Well, how did that go, then? Sunday night was the closing ceremony for the London Olympics. If you don't mind I'd like to have a bit of a recap on what has gone on in the last couple of weeks or so. As I said in my previous entry, I had misgivings about the way things would work out and that an unseemly element of Britishness would raise its head. I needn't have been so pessimistic, and I think we did pretty well.
The opening ceremony was quite a delight. Britishness was well to the fore, just as it should have been. But it was a look at Britishness that I really hadn't expected. I was dreading the references to Empire, military ugliness and an overstated and misplaced position in the world. There was none of that. Instead it portrayed a potted history and how these islands, this land, had changed with the times. It celebrated British culture, in literature, music, art and theatre, even in our wonderful NHS. It flagged up the good things that we have led the world in, and highlighted our sporting tradition of fair play - very appropriate in the circumstances. It was wild and whacky, weird and wonderful, and incredibly British. And there was Glastonbury Tor to illustrate the festival side of the whole venture. I just hope that people around the world without the essential background knowledge still got it. The best moment for me was the entry of the British team, with David Bowie's 'Heroes' playing in the background. If it's your party and your record player, is there anything wrong with playing your music in all the right places?
I remember seeing the Olympic Park, on the television, for the first time - the stadium, swimming pool (I flatly refuse to call it the aquatic centre, that's where you buy goldfish), velodrome and other purpose-built sporting venues - and thinking that it was an incredible testament to the Polish construction industry. That was something to be proud of in itself. It was also obvious, even from that very early stage, that the athletes would be very well provided for. And of course, not all the venues were in the park. Lord's cricket ground was being used for archery, Greenwich Palace for the equestrian events, Weymouth for the sailing, tennis at Wimbledon, and various grounds around the country for football. The Games were going beyond those simple boundaries, involving more people and places and spreading the love. I loved the fact that the organising committee approached a school and asked to borrow its rowing lake! But Eton Dorney turned out to be the place for a big slice of British success, emotion and outpouring.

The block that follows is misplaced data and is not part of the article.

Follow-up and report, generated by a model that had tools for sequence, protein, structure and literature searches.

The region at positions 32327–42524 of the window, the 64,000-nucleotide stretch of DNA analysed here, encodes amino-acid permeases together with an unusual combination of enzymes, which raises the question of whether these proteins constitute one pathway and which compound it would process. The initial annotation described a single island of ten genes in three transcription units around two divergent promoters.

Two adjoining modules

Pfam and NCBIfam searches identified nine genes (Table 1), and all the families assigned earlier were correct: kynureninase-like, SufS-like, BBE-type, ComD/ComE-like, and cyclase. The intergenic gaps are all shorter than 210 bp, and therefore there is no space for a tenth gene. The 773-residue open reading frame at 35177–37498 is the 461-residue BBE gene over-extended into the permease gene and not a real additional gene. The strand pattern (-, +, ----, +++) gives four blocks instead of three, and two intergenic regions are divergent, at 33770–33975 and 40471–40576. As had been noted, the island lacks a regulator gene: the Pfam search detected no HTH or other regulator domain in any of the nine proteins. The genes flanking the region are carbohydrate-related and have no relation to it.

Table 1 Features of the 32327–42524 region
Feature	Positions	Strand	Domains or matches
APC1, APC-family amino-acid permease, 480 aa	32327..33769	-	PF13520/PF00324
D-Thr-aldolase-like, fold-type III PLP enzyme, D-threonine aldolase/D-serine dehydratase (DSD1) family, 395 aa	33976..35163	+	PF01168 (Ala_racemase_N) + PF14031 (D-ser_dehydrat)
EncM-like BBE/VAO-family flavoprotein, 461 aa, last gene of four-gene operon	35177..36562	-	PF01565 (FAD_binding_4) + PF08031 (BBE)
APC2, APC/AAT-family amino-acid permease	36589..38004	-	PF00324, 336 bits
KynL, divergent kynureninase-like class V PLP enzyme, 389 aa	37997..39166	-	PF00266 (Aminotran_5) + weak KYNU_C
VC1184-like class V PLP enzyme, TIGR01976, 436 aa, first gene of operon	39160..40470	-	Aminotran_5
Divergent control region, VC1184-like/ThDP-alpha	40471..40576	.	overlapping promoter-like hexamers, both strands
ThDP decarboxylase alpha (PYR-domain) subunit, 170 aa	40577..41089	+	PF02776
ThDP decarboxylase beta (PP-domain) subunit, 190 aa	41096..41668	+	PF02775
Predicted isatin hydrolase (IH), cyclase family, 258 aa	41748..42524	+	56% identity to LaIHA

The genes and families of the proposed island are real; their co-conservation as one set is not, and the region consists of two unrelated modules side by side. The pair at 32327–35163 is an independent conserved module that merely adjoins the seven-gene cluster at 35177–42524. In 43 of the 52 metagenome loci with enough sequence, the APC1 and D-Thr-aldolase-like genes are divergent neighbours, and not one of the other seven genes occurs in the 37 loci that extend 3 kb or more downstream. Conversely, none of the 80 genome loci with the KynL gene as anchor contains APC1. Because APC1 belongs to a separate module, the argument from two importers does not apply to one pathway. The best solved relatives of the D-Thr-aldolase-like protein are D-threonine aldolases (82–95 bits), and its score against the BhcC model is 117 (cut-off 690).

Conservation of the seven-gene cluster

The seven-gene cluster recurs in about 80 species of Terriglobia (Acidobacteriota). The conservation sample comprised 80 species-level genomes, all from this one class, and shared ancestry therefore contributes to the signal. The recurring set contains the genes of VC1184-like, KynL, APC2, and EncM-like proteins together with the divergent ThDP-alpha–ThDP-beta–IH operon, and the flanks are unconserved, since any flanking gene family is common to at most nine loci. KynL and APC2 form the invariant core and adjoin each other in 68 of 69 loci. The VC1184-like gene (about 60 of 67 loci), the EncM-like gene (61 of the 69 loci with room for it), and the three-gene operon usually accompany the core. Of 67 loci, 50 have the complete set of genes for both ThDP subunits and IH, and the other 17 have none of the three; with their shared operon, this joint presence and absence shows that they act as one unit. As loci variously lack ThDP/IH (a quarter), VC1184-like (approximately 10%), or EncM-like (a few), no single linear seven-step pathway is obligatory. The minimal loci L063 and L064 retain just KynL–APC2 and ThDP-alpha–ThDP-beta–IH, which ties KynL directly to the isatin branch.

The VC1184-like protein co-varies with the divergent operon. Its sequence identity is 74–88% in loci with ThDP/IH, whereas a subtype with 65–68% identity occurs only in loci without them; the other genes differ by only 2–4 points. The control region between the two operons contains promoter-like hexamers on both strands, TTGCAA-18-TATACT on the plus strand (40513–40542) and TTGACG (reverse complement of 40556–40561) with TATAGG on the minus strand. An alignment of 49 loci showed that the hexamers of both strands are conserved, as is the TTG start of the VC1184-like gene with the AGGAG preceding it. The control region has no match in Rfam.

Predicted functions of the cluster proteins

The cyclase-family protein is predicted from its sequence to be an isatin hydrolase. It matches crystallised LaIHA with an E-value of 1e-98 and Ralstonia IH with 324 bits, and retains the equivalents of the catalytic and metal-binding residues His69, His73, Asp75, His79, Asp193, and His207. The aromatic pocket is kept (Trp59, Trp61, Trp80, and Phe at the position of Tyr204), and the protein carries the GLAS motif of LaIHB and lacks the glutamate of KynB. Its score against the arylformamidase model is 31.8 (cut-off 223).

Which neatly brings me to the sport itself. Not all of it would have been familiar to British audiences. There is no tradition of handball here, water polo is a bit of a puzzle, we don't seem to play ping-pong that competitively and volleyball seems to have largely passed us by. But the crowds still turned out in their thousands, tens of thousands, to support whatever was going on. Of course, they really got behind any British competitors taking part, and we have always loved an underdog, so they were well-backed too, but in general they supported the event itself, no matter who was standing, sitting, riding or lying in front of them. Fair play well to the fore, again.
I have some favourite moments, things I will probably always remember from these Games. I think the most emotional and memorable of them all will be Ruta Meilutyte, a fifteen-year-old swimmer from Lithuania (though living in Plymouth, so perhaps we can claim her just a bit) seizing the 100m breaststroke gold medal and being in total shock at what she had done. I have to confess to welling up watching when she received her medal. She blubbed and had to hold it together through, it seemed to me, the entire 73 verses of the Lithuanian national anthem. Her unbridled joy, bewilderment and pride were incredibly moving.
British athletes shone in much of what they did, though it could never be a complete triumph. Jessica Ennis, the British heptathlete, had been the poster image in the lead-up to the Games, and she came proudly through for Britain. I have never before seen a British athlete put their stamp on an event in the way that Mo Farah did in the men's 5000 metres to win gold, even more remarkable given that he had also won the 10000 only a week before. Unprecidented for a Brit.
If nothing else, it seems these Olympics dragged millions of kids away from their computer games and motivated them instead to watch endless hours of sport on television! And that's, in part, what the whole thing was about. The Games motto was 'Inspire a generation', and that could well be what happens. Though there's a long way to go before we'll know for sure.
It all came to an end on Sunday evening. The last drops of sweat were squeezed out of the athletes, the last anthem was stood up for and the flame was put out. There was an element of ceremony, but it was really a party; one that again showed our slightly warped sense of humour and that we can be absurd as well as formal.
I think we did it all pretty well. The 2000 Games in Sydney is the benchmark for me, no-one can do it better than that, but in these austere and straightened times, we came fairly close.
Next it's the Paralympics - bring it on.